Friday, January 12, 2007
Water, Water Everywhere
The town of Roscoe sits at the confluence of the Willomec Creek and the Beaverkill River. It is tucked into a niche in the Catskills, a valley through which the Beaverkill traipses like a dancer. Unlike the Mississippi, say, or the Columbia, there is no sense that this is a river of broad, burly shoulders, pushing aside huge mounds of dirt on its way to the sea. No, this is a gentle river, home to thousands of lazy trout, and eventually, the river flows into the Delaware and after that, Chesapeake Bay.
But back in late June, central New York state and northern Pennsylvania were drenched in ten inches of rain. And the tiny little Beaverkill became leviathan. Roscoe, Walton, Livingston Manor and other towns were under eight feet of water. People drowned. Houses were carried downstream. Roads were washed away.
In August, I walked along the river. It had returned to its pre-flood daintiness, and in fact, I was told that the river was now so shallow that you couldn’t take a canoe down it. You’d have to portage the canoe through the shallows. The signs of the destruction were everywhere. Part of the motel where I stayed, a motel I’ve stayed at several times before because it is quiet, inexpensive, and sits upon the banks of the river, had washed away. People told me how they’d watched the motel building run into the bridge, and then, smashed by the torrent, watched as it was carried miles downstream. On the door to my room was a dark mark a foot or so above the door handle. It was the waterline. Inside the room, only the bare essentials had been restored. There wasn’t even a phone. Just a bed, and a couple of pieces of furniture that looked the worse for wear. The bathroom had been scrubbed clean, but the smell of bleach and mold was overpowering, sickening. In the corner of the bathroom grew a fungus that looked like kelp, something Neolithic, as if it belonged on the sea floor.
So, I did a lot of walking. The sky was a shade of blue that would break your heart—so much deeper than forget-me-not, but not as dark as the indigo indications of an encroaching storm. How to describe the ripple of water over stone? As I walked along the Beaverkill--the sun on the back of my neck, its warmth on my shoulders as if someone had draped his arm there—I watched the water. The movement is subtle in most places; your senses tell you that it is, in fact, still, but the water moving across the stones dispels the notion of stillness. The sun glints in such a way off the angles of the water, those angles the signs of the disruption on the surface as the water moves over stones.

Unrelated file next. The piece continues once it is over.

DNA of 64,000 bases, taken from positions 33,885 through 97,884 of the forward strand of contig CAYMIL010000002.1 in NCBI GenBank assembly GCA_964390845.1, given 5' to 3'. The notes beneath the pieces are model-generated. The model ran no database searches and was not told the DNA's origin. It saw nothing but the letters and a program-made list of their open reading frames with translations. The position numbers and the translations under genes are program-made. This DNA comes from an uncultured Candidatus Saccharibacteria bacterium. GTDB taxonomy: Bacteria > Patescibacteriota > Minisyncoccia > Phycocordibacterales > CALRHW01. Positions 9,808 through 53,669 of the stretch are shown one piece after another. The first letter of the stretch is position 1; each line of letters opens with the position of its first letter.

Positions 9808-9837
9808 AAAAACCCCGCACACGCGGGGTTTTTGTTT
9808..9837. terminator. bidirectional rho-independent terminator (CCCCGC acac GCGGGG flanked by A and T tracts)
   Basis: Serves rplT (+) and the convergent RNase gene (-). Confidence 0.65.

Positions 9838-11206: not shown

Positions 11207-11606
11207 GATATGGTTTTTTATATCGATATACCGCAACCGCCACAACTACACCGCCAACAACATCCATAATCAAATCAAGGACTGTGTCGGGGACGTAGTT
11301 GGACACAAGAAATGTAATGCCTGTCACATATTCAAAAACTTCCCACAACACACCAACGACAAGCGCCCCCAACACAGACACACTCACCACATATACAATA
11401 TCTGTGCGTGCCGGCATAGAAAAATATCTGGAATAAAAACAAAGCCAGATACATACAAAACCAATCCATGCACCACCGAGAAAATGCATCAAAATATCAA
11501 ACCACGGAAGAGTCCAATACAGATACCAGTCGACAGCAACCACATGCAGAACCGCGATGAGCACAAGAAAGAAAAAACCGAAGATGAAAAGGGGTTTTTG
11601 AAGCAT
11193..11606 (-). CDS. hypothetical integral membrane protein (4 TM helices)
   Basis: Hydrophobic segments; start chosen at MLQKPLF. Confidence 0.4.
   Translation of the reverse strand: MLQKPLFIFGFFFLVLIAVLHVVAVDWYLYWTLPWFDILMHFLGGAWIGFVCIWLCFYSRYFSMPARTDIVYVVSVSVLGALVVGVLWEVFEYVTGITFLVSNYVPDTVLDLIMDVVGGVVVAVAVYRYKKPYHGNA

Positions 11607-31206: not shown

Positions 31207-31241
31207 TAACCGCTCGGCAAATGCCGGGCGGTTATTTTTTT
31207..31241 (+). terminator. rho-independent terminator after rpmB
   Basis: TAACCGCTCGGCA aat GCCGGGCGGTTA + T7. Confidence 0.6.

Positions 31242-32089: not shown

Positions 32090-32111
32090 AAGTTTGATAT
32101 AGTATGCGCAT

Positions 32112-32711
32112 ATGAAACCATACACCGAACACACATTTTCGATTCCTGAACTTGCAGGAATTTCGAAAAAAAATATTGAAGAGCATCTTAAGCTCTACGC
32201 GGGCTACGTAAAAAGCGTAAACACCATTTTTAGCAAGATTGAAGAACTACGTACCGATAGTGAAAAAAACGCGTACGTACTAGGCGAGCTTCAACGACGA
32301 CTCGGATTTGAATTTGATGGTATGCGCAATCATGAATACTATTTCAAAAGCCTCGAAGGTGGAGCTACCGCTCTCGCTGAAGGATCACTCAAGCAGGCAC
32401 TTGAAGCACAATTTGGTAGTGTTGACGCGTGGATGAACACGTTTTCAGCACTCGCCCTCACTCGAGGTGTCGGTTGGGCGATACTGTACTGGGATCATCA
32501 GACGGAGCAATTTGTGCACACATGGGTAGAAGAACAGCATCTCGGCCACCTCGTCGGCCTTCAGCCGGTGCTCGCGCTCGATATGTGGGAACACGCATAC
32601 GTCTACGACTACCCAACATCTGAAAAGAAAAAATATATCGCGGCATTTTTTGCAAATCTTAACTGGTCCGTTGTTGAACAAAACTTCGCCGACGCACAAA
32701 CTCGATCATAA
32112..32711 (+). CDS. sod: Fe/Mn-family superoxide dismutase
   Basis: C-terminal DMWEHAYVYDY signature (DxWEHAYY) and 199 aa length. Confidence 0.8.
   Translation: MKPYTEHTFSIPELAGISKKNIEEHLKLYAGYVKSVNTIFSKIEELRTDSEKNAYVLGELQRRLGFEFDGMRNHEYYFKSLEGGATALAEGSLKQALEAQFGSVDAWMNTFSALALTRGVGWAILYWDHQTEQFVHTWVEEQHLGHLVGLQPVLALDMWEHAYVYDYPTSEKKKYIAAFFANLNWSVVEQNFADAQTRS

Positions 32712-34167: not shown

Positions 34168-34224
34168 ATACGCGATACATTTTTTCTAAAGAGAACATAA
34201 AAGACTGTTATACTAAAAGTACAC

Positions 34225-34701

And the stones are testament to motion. The stones are not jagged. There is not a rough edge left on any of them. They are ovoid, softened by the caress of water. I’ve noticed these changes in my face of late. My face is softening, like a baby’s face, the skin that used to cling so tautly to the bones beneath are letting go, sliding. Maybe I have smiled too much in my life. Perhaps I’ve focused on too many things out of my reach. The furrow in my brow is now a gorge, a chasm in the otherwise smooth plain of my forehead.
I feel too fleshy. Such a privileged complaint, I know, to lament the passage of time and its effects on the body. I have already surpassed the average life expectancy of entire sections of the African continent. I should be grateful. Instead, I bitch. But I note the patterns of sun and wear on my neck and chest, and I see a glimpse of my older self.
If you didn’t notice the smashed guard rails, the washed-out sections of road, the boarded-up buildings, there would be little evidence of what had happened along the Beaverkill. Already, the wildflowers have filled in the spaces created when water washed away earth. The downed trees have become part of the landscape. The Canada geese, the loons, drift undisturbed. The water was clear, and I could make out the tiny fish fry—just a couple of inches long, that swam close to the banks. A bald eagle beat its wings and flew a straight trajectory, the center of the river directly below it.
Only the people had suffered. They had built their towns on flood plains—not even 100- year flood plains, either. The river has flooded twice in three years. Despite that fact, folks were rebuilding, in exactly the same spots that they had been flooded out of just six weeks prior.
I keep that in mind as I contemplate my body, the one that nature is wearing away. Time doesn’t seem to be moving, but it is. I don’t think I’m changing, but then, every now and then I catch a glimpse of myself and I think, “Have I always looked like this?” I could undergo plastic surgery, could coat myself in miracle products that promise to rejuvenate my skin, make it appear fresh. But there’s no stopping this process. I am getting older. My body is getting older. Eventually, bit by bit, I’ll be washed away. But the wildflowers will still be there, as will the eagle and the loons. And ultimately, that means everything to me.